Bomber Command, he said, was until D-Day the only organisation taking the war direct to Germany. For that reason, the English people in particular treated the men of Bomber Command with the same respect and admiration that they had for, say, the French Resistance. “If I go to an RSL,” he said,

“…and a bloke says, what were you in, Ern, were you in the Navy or Army or something, I say, no, I was in Bomber Command, and if he is an English person, ‘oh were you… oh… you blokes, gee… y’know. So it makes you kinda feel very humble, very proud and very humble.”

And that, I thought, was a beautiful way to finish our interview.

Ern Cutts was a 466 and 467 Squadron rear gunner during WWII. This photo was taken after an interview with Ern at his home in Melbourne in October 2015

Text and colour photo (c) 2015 Adam Purcell. Wartime photo (c) Ern Cutts

Halifax

The Halifax – that ‘other’ aeroplane in Bomber Command’s arsenal – was badly maligned for much of WWII. Leo McKinstry, for example, in his recent book Lancaster: The Second World War’s Greatest Bomber, records Sir Arthur Harris trying to close down Halifax production lines in favour of the Lancaster.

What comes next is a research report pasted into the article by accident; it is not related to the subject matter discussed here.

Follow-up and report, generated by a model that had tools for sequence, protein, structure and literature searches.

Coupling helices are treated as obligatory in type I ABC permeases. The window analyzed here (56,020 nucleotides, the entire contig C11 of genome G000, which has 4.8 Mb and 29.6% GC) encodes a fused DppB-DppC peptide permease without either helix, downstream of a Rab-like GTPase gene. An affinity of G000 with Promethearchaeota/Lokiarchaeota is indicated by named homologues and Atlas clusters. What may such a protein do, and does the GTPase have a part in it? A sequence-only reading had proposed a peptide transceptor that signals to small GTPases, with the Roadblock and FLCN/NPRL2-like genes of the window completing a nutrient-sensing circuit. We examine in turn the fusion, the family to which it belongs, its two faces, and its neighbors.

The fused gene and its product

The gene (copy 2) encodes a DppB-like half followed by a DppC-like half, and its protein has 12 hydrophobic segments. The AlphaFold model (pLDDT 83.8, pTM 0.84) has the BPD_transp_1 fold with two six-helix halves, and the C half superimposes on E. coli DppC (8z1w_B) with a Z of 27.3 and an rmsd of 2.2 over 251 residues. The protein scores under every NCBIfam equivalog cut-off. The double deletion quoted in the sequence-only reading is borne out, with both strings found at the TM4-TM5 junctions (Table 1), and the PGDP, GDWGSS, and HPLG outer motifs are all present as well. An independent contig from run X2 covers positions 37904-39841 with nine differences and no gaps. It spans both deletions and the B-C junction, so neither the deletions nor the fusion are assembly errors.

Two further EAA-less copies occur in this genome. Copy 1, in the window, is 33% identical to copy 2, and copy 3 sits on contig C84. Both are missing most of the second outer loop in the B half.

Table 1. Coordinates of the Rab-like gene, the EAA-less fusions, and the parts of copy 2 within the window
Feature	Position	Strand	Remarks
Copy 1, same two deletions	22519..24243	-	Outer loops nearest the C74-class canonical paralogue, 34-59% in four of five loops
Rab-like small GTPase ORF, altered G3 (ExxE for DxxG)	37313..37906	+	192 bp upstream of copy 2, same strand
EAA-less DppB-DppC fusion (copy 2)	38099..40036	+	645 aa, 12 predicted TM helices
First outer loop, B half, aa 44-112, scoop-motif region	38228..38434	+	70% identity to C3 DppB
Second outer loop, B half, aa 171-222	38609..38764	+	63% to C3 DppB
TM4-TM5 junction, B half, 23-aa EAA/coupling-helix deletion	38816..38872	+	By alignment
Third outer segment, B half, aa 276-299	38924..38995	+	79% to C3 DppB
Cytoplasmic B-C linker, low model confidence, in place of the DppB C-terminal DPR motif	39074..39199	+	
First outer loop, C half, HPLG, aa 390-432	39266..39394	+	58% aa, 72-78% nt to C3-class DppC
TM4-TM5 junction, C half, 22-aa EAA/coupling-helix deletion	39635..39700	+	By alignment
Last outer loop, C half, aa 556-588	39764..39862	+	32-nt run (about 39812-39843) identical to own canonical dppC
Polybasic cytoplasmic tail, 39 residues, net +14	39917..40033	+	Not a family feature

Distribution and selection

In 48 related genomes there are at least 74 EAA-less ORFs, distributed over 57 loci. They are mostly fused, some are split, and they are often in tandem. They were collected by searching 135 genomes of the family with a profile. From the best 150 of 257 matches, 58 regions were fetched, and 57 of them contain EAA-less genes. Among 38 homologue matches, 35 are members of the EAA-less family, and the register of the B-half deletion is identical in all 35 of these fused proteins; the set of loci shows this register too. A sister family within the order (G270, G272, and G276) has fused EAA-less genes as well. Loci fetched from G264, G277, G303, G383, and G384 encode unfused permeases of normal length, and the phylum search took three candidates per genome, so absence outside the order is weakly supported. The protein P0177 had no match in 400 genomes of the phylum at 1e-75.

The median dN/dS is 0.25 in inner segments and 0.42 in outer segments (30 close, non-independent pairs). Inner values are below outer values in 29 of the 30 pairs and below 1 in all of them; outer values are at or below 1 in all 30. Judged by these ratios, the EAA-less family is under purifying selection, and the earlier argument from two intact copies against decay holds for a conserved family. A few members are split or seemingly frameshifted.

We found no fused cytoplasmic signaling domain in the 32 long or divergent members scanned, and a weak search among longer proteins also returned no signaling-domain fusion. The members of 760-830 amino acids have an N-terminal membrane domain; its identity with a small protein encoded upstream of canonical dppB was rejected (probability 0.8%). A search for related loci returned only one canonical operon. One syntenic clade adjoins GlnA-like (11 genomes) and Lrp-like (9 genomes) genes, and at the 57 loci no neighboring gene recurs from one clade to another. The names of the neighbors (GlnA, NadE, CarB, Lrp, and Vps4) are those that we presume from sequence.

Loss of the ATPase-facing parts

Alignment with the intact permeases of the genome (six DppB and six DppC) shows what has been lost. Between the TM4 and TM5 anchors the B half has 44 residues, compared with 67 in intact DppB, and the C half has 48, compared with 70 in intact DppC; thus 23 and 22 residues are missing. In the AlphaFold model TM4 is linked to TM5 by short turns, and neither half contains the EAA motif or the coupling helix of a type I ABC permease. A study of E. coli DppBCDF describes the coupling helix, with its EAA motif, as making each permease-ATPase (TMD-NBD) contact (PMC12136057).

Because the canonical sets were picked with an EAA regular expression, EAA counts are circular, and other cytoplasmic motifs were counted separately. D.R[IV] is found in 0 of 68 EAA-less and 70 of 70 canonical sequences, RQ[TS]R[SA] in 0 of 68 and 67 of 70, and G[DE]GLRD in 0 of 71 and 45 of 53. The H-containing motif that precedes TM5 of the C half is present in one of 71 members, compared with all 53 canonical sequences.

The earlier Halifaxes – Mk IIs in particular – were indeed pretty poor aeroplanes. Ron Houghton, a 102 Sqn Halifax skipper, spoke at the Royal Aeronautical Society’s Sydney Branch meeting in late August 2010. He described his first flight in a Halifax at a Heavy Conversion Unit in mid 1944. It was a B MkII series I, and was seriously underpowered and too slow for its purpose. The nose design, with a front turret, meant lots of drag. Half way down the 1100 yard runway on its take-off roll, with full power selected, the aircraft had barely reached 65 miles per hour.

“I don’t like this”, Ron said to his instructor.

“Keep going”, was the reply.

900 yards down and speed still barely above stall.

“I really don’t like this”.

“Keep going”.

They dragged the aeroplane reluctantly off the ground, just clearing the trees at the end of the runway. Climb rate was negligible. Wide-eyed, Ron asked the instructor, “How does this thing handle with a full bomb load?!?”

“DON’T ASK!!!”